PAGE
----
How to Overcome 4 Challenges in IoT Hardware Design
An IoT design challenge can be frustrating, but it won’t necessarily derail an entire project.
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Getting a new Internet of Things (IoT) product on the market requires understanding design challenges that could pose obstacles along the way or mean the device does not work as well as expected. Here are some of the main concerns related to hardware and how to solve them.
1. Long Battery Life
Many of today’s IoT device users need them to have batteries that can last for years. That’s particularly important if someone plans to deploy something in a remote area they cannot easily access for battery changes. Suppose the product is a connected medical device used inside a patient’s body. Frequent battery replacements could require operations or otherwise put someone at an elevated risk of complications.
Hardware designers should consider which aspects will consume the most power and then assess whether they are critical for the design. If they are, the next step is to figure out how to lengthen battery life.
One way to solve this IoT design challenge is to use integrated circuits with deep-sleep modes that consume very little current. Additionally, designers can look for opportunities to use low battery voltages. The idea is to minimize the current draw within the product. Designers can reach that goal by using low-power components and ensuring parts don’t continue to pull too much power when not used.
A European Union-funded project indicated that up to 78 million IoT batteries will be discarded by 2025 if engineers do not take steps to improve their life spans. Researchers who commented on the project believe major progress will occur by developing batteries that can sustainably recharge themselves. However, for now, they say designers should prioritize battery life early when planning IoT devices.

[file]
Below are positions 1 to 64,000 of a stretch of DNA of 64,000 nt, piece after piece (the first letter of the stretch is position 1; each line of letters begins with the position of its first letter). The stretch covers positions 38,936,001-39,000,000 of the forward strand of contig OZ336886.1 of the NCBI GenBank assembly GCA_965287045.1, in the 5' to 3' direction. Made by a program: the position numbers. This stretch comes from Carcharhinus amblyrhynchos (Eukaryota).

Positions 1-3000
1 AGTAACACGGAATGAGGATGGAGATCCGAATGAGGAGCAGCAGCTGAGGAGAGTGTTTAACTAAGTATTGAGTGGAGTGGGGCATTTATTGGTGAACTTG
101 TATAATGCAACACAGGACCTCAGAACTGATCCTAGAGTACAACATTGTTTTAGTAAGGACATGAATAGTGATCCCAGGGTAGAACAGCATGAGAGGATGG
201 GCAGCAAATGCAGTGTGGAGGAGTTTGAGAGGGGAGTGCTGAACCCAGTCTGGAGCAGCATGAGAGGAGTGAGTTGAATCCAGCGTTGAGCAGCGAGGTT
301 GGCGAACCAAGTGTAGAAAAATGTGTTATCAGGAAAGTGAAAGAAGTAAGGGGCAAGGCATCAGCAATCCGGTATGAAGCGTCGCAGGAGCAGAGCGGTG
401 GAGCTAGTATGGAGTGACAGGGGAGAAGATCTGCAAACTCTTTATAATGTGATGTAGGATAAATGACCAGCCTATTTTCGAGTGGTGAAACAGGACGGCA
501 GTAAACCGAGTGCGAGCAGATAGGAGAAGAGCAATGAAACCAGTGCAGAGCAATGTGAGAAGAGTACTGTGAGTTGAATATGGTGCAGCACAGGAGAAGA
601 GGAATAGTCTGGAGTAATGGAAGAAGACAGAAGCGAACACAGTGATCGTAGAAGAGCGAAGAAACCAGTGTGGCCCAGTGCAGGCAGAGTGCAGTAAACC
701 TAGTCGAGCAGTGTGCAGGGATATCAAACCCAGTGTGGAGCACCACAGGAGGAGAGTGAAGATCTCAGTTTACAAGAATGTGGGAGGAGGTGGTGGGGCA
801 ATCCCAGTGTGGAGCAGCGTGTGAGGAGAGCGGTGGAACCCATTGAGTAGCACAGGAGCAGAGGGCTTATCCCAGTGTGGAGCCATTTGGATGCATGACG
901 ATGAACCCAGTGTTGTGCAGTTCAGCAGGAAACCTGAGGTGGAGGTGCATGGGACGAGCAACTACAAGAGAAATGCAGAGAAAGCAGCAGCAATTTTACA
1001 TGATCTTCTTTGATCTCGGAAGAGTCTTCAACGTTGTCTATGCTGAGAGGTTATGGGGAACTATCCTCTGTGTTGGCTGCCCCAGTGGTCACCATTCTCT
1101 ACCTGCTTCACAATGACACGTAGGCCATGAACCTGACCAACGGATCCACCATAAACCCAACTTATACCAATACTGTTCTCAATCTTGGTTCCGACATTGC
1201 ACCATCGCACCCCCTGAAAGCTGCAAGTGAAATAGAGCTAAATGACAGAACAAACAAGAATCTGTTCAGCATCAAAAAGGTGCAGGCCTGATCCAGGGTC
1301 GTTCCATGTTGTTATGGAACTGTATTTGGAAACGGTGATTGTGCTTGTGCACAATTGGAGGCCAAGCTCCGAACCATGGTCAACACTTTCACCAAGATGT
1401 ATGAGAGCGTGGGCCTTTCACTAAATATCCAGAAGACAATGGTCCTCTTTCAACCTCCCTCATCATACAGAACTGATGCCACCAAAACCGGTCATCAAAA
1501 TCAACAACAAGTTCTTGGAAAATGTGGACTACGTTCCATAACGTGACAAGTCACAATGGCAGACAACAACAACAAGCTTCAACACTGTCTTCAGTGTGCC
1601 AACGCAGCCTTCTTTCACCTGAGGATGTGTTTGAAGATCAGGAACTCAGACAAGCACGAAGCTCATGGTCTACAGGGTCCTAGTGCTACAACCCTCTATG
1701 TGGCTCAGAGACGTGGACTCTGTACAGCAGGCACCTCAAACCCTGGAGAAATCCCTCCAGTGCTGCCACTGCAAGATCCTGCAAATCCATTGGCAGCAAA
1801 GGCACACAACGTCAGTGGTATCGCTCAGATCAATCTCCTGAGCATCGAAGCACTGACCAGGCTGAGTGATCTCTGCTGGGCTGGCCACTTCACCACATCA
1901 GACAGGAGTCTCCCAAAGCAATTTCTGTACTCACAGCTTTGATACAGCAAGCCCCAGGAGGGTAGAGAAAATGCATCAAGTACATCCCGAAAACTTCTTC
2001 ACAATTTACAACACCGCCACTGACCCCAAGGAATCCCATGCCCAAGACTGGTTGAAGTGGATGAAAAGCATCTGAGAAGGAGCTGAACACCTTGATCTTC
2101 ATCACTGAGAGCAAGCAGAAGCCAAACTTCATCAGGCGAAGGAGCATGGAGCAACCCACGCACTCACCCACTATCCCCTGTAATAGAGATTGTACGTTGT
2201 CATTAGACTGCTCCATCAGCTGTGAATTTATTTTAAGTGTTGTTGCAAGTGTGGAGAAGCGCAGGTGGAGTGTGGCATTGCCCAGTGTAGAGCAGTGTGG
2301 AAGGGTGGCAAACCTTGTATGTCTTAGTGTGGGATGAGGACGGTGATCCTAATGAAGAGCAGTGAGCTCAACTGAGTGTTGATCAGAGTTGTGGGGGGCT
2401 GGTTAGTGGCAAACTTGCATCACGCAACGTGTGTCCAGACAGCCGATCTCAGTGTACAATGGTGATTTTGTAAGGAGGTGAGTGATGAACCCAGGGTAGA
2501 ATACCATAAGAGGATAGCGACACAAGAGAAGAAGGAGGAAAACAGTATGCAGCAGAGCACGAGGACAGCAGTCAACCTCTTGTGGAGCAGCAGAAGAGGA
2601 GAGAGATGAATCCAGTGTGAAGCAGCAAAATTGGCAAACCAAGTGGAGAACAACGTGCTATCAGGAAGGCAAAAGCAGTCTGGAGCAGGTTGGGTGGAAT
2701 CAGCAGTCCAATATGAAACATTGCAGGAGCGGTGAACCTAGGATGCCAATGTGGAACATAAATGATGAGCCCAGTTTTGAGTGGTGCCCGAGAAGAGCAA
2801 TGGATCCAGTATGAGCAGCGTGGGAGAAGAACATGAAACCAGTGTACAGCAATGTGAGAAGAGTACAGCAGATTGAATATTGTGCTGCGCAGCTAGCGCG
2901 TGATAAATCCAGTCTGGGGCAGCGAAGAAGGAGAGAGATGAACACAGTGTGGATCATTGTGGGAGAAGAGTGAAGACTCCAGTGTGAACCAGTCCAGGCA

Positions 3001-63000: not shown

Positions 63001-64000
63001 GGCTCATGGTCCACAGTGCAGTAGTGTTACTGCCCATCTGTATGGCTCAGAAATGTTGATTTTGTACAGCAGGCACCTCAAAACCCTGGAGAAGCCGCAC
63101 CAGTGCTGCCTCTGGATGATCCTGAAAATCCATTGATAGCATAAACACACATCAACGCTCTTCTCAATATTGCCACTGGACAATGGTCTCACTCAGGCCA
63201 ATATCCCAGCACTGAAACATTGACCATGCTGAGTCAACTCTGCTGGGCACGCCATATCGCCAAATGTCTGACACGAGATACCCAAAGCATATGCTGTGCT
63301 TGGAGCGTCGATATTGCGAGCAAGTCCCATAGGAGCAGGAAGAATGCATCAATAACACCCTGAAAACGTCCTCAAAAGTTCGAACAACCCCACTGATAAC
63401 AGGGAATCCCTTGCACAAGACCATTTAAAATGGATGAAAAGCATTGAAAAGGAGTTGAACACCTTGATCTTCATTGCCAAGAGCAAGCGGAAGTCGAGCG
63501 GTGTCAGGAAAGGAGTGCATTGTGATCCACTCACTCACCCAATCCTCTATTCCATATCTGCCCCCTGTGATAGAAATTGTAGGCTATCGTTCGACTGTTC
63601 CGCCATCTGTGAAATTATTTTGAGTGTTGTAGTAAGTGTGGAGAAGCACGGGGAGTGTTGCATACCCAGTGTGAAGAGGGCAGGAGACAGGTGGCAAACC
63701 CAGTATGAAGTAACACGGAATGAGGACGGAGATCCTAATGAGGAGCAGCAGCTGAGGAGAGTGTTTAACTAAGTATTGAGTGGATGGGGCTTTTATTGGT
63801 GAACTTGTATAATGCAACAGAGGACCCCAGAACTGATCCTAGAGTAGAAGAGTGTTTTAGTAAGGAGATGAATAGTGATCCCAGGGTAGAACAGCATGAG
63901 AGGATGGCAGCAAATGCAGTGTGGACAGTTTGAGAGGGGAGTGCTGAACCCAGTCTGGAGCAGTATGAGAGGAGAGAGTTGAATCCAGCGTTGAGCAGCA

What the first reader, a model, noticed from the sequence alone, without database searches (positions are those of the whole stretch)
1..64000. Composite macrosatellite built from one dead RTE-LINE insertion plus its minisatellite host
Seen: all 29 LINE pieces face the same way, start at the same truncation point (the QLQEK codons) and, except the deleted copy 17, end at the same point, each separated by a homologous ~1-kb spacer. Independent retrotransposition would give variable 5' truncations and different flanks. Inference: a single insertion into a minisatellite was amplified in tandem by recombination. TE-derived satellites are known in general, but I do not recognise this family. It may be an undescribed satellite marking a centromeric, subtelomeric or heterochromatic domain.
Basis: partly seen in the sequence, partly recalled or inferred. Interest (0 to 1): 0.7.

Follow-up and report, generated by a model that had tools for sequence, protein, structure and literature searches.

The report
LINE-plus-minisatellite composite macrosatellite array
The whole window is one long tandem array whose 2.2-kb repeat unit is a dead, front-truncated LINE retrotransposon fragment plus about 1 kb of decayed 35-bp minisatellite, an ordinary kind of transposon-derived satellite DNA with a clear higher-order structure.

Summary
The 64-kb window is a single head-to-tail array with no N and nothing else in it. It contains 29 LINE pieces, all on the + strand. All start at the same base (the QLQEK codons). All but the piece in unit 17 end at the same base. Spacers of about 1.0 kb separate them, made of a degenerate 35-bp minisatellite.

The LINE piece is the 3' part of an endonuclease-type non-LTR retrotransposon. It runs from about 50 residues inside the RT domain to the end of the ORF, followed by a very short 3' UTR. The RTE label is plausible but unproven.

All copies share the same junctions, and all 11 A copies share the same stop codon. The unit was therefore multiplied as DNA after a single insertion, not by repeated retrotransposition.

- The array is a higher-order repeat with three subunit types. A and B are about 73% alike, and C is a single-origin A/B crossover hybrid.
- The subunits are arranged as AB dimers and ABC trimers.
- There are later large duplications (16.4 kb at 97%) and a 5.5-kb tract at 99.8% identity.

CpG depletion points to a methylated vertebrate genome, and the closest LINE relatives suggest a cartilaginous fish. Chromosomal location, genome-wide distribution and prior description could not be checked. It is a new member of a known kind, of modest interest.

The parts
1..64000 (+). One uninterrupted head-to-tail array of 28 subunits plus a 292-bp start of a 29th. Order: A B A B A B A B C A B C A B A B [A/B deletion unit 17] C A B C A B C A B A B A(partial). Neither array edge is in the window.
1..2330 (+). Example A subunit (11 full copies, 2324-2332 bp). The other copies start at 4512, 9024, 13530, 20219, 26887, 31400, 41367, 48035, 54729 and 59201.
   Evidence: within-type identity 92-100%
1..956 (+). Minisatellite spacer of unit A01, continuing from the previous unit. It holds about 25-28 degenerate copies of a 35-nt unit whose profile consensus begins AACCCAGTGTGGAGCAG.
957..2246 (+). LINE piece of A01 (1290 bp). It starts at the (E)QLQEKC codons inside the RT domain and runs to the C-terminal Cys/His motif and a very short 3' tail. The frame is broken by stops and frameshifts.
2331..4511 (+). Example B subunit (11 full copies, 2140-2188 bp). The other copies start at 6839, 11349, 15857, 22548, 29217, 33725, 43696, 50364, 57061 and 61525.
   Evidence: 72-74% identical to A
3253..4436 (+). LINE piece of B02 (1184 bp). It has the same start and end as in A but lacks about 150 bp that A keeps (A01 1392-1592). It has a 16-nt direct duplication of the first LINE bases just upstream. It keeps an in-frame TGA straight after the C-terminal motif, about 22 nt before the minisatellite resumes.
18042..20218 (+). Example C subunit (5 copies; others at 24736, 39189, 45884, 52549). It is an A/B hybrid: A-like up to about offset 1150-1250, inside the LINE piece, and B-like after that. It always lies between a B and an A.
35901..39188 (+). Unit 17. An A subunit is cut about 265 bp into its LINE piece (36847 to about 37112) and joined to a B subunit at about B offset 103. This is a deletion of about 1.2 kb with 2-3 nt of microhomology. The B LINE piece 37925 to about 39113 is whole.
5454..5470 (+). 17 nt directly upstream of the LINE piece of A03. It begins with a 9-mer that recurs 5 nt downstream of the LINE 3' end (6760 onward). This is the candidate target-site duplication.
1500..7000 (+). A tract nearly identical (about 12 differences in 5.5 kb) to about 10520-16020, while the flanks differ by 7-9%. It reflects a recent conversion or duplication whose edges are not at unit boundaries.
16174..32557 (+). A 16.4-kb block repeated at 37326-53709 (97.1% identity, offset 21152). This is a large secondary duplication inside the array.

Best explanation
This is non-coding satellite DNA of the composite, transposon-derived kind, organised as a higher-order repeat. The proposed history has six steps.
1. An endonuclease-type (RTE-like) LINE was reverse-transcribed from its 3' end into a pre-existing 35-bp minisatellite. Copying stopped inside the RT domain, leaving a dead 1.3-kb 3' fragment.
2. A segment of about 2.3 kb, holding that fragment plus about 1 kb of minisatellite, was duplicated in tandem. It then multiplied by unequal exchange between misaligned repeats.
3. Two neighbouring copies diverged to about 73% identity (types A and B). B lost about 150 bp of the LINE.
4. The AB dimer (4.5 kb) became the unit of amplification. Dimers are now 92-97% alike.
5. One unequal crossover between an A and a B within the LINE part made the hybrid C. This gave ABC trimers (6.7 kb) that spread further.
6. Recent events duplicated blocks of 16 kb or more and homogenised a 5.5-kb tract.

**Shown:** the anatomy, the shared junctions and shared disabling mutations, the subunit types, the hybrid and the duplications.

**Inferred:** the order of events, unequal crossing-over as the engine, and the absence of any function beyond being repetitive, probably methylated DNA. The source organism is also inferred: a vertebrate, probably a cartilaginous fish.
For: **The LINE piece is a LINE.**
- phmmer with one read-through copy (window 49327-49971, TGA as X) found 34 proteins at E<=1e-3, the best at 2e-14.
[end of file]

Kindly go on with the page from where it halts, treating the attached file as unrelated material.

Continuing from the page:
2. Security Flaws
Current headlines frequently feature worrisome details of security flaws that could affect IoT devices worldwide. Solving this IoT design challenge from a hardware perspective requires a multipronged approach.
First, designers should consider secure key management that prevents parties from accessing keys in unencrypted states. They must design the product to generate and store keys securely. They should also explore using hardware-accelerated encryption to keep the device more secure while saving power.
Another best practice is to have separate memory domains to isolate sensitive and nonsensitive IoT code and data. Using secure memory access can safeguard RAM and flash memory from unauthorized access. Hardware designers must also implement protections for debugging and programming. Doing that makes it more difficult for hackers to use programming interfaces and debuggers to launch attacks.
Hardware designers should also participate in or encourage discussions around programs to disclose newfound cybersecurity vulnerabilities in a product. One study found that only 21% of IoT vendors currently have such initiatives. However, they’re essential for helping designers and everyone else concerned with IoT security become aware of issues that would otherwise go unnoticed.
3. The Push for Lighter, Smaller Devices